Microsoft's (NASDAQ:MSFT) Xbox One is becoming an even better multi-media device. Earlier this month at Gamescom, Microsoft announced that its video game console would soon gain the ability to act as a DVR. 

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Photo: Microsoft

Meanwhile, Apple (NASDAQ:AAPL) is widely expected to make an aggressive push into the living room starting as early as next month. Several media outlets, including Buzzfeed and Bloomberg, have confirmed the existence of a next-generation Apple TV set-top box, one that could offer access to an app store, an improved remote control, and, eventually, an Internet-based streaming video service. The current version of the Apple TV is hardly an alternative to Microsoft's relatively expensive, high-powered console, but with this added functionality, the two are likely to enter into much closer competition.

Record the NFL, Dowton Abbey, and Empire -- for free
Late last year, Microsoft released an over-the-air tuner for the Xbox One, giving Xbox One owners the ability to watch broadcast networks through their console. The tuner has its advantages, including a programming guide, voice commands, and the ability to pause live TV for up to 30 minutes, but it's still lacking in one major way -- unlike many cable boxes, it cannot record programming for delayed viewing.

That will change next year. Microsoft hasn't offered up an exact date, but demonstrated the feature at Gamescom, and said it would be coming to the Xbox One sometime next year. When Microsoft releases the update, owners of the Xbox One and its over-the-air tuner will be able to record live broadcast shows to their Xbox One's hard drive. Unfortunately, the Xbox One won't be able to record cable channels, but with cord-cutting on the rise, there's a demand for such a service. TiVo, Tablo, and Simple.TV all sell dedicated boxes that give their owners the ability to record broadcast channels. Yet these boxes cost between $50 and $300 and carry hefty subscription fees. If you already own the console, Microsoft's DVR service will be free.

Apple TV vs. Xbox One
Today, the Apple TV's current competitors include the Roku 3, Fire TV, Chromecast, and other similar, dedicated streaming media boxes. But over the long term, it's true that competition is likely to come more from the Xbox One and its rival the PlayStation 4 -- investors attempting to gauge the Apple TV's potential success should view it through this lens.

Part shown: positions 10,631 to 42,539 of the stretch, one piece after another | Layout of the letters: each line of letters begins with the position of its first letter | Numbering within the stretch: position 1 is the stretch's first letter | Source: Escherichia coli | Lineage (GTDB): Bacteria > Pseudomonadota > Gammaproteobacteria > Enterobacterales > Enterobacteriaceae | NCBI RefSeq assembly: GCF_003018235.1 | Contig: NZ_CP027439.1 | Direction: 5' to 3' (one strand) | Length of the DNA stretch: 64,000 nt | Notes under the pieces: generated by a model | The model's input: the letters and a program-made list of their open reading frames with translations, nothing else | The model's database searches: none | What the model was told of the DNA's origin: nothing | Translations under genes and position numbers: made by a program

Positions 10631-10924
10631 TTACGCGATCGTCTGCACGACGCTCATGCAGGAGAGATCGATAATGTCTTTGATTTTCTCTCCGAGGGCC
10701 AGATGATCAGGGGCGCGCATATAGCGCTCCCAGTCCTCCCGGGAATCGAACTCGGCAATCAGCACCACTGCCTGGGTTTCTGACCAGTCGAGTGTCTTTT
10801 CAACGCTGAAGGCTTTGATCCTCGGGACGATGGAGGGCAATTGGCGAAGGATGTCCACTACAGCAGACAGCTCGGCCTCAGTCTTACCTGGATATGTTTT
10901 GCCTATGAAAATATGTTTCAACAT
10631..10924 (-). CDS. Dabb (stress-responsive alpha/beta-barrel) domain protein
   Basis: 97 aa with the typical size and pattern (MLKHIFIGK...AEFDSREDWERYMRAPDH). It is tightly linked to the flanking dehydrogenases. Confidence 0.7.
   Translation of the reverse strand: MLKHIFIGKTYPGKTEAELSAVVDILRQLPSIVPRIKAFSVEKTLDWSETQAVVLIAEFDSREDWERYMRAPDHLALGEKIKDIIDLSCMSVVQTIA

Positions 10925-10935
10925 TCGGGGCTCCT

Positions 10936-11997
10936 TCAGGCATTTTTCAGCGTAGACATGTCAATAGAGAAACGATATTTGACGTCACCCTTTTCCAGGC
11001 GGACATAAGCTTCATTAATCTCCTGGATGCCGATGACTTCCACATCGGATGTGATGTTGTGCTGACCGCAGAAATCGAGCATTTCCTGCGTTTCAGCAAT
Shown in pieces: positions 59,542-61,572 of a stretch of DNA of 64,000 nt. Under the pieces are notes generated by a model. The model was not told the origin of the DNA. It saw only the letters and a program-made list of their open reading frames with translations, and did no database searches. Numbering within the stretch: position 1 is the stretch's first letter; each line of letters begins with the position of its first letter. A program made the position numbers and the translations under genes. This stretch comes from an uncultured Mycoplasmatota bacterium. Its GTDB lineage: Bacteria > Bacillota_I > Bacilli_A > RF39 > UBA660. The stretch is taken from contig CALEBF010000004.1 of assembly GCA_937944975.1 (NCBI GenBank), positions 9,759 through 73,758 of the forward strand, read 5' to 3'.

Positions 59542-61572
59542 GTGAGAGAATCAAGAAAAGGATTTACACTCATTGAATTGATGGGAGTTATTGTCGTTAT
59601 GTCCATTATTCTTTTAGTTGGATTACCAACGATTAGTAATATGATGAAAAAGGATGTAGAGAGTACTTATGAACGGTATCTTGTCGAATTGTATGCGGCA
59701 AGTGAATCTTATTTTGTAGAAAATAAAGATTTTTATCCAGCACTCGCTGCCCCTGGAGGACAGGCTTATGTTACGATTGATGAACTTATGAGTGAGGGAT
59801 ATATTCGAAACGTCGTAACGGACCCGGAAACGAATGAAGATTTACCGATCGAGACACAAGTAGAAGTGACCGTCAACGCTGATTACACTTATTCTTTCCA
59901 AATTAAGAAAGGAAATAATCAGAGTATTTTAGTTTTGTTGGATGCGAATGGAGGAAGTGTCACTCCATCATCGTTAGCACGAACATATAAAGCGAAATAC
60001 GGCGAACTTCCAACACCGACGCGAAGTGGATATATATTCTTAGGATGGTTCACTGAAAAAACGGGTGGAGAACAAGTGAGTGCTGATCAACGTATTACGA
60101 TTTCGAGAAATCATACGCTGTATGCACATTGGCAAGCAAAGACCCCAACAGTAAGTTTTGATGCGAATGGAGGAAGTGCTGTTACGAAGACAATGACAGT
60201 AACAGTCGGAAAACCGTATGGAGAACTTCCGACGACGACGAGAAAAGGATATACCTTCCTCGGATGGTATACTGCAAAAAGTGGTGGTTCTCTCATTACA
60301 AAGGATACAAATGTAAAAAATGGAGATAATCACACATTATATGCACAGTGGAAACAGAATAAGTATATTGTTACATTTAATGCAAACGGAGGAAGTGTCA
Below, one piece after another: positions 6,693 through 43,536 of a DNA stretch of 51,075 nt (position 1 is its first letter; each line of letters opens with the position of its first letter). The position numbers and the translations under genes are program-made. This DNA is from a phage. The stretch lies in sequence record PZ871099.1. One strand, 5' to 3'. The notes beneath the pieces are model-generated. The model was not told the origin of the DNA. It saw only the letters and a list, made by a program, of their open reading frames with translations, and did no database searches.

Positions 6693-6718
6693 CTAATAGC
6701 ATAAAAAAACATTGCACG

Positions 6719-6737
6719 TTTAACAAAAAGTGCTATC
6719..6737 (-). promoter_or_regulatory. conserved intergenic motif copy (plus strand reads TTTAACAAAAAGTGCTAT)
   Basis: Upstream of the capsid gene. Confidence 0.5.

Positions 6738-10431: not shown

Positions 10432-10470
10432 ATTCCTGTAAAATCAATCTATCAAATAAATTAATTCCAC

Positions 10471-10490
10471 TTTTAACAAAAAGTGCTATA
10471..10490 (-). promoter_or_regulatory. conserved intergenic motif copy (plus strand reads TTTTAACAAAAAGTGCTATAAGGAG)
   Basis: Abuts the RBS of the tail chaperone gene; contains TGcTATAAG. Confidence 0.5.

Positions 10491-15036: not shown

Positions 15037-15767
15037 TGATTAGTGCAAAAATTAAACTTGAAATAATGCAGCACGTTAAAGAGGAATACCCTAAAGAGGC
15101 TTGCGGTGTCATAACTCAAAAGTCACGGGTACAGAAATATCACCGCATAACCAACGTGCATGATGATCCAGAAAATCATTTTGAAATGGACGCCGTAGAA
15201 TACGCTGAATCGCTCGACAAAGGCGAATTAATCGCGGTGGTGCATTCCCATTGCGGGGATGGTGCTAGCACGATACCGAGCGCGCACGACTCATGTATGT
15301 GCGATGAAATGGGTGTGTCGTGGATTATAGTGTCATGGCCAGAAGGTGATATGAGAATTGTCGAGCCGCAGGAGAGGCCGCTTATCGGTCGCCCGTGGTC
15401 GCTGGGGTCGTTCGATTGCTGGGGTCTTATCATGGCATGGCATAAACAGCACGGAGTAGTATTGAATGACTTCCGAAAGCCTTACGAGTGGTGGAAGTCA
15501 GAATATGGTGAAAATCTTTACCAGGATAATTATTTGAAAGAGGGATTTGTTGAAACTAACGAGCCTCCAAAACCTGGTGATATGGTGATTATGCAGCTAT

The current Apple TV is a competent streaming media device, but not much else. It can't play games or access apps. It relies on a single core A5 processor (a dual core A5 powered the iPhone 4S released in 2011) and has barely any storage (just 8GB). The next Apple TV, however, is expected to ship with an A8 processor (the one powering the iPhone 6) and full app store access.

The apps that will eventually be developed for the Apple TV could run the gamut -- from new streaming and broadcast services to smart-home management tools and new social media apps. But it seems likely that a large portion of them will be games. Gaming is one of the most popular activities for iPhone and iPad users, and as I write this, games represent 22 of the top 75 most popular free iOS apps.

It's unknown what Apple will charge for its next Apple TV, but it seems likely to be more than the $69 it charges for its existing set-top box. Competitor NVIDIA's recently released Android TV-powered SHIELD retails for $199-$300. The Xbox One, at $349, is almost in the same category.

For the time being, Apple TV isn't material to Apple's earnings, but as it pushes into the living room, the evolution of its set-top box is likely to become of greater interest. Although it remains primarily a gaming device, the Xbox One's increasing TV capabilities could provide some tough competition.

Sam Mattera has no position in any stocks mentioned. The Motley Fool recommends Apple and Nvidia. The Motley Fool owns shares of Apple and Microsoft. Try any of our Foolish newsletter services free for 30 days. We Fools may not all hold the same opinions, but we all believe that considering a diverse range of insights makes us better investors. The Motley Fool has a disclosure policy.